Highwayman, who was such a Danger to Society that he was condemned and executed on the same Day, in 1694
EDWARD HINTON was born in London, in the year 1673, of very reputable parents. In his younger years he discovered a strong bent to learning, which his father cherished by putting him to St Paul's School, that celebrated seminary for youth. This good turn of mind was, however, soon overcome by a vicious one, which seemed also to be innate, and grew stronger as he grew older. Even at nine years of age, it is said, he robbed one of his sisters of sixpences and other small pieces to the value of thirty shillings, and kept abroad in company with boys like himself till he had spent and lost it all.
After a little correction young Hinton was sent to school again, upon his promising to be a better boy for the future. But in vain, alas, were his promises. Thieving soon grew into a habit with him, and there was no opportunity of getting money, or anything else, clandestinely that ever escaped him. He went so far at last as to rob his father's counting-house of a considerable sum of money, which he carried to a lewd woman, with whom he was soon after taken on Cambridge Heath.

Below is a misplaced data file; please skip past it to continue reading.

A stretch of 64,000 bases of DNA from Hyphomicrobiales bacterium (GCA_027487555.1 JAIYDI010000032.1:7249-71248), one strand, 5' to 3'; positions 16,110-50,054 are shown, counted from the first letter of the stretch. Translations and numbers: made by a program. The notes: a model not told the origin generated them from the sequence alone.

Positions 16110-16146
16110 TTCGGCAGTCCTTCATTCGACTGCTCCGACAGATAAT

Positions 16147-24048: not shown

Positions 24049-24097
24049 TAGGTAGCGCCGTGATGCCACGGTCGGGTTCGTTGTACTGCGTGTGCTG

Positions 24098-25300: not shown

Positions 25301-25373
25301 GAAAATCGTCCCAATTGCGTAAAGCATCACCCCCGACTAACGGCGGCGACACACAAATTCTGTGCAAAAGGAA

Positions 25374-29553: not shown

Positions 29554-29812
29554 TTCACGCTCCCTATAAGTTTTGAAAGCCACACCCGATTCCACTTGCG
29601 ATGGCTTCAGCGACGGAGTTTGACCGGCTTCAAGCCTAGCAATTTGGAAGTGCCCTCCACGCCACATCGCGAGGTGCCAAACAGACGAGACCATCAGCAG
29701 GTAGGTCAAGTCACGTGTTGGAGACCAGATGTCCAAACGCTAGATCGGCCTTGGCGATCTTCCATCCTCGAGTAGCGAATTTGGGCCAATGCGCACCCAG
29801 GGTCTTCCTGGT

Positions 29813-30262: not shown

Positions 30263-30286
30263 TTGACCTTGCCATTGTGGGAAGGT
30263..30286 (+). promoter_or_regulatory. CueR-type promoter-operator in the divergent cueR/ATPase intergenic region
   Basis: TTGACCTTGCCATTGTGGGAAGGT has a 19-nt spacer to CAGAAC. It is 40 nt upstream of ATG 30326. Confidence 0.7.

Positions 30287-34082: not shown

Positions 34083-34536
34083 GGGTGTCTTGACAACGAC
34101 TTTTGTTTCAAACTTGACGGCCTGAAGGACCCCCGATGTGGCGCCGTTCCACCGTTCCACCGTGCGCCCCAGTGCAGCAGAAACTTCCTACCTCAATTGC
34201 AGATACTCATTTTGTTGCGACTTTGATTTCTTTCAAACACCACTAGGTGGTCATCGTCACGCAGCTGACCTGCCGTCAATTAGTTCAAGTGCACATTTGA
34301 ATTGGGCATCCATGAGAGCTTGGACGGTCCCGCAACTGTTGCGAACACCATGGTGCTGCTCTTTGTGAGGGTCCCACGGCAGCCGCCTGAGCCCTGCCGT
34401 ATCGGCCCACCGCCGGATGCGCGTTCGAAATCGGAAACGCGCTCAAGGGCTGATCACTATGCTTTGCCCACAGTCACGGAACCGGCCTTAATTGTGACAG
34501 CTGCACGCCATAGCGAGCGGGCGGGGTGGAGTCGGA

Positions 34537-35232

The first action which he performed in conjunction with others was the robbing of Admiral Carter's country house. Soon after this he and his comrades broke open the Lady Dartmouth's house on Black Heath, and stole plate to a great value, which they sold to a refiner near Cripplegate. Hinton was some time after apprehended for this robbery, and condemned at Maidstone Assizes; but his youth, and the intercession of his friends, procured him a pardon. He was again taken up for breaking open and robbing the house of Sir John Friend, at Hackney, for which he also received sentence of death; but was a second time so far indulged as to have a halter transmuted into transportation, in order to which he was soon after put aboard with other convicts. One would have thought he had now been safe enough; however those who thought so were mistaken, for he drew the rest of the convicts into a conspiracy to get the ship's company under the hatches, and make their escape in the long boat, which they effected near the Isle of Wight, Hinton having first beat the captain with a rope's end, as a return for being served so himself.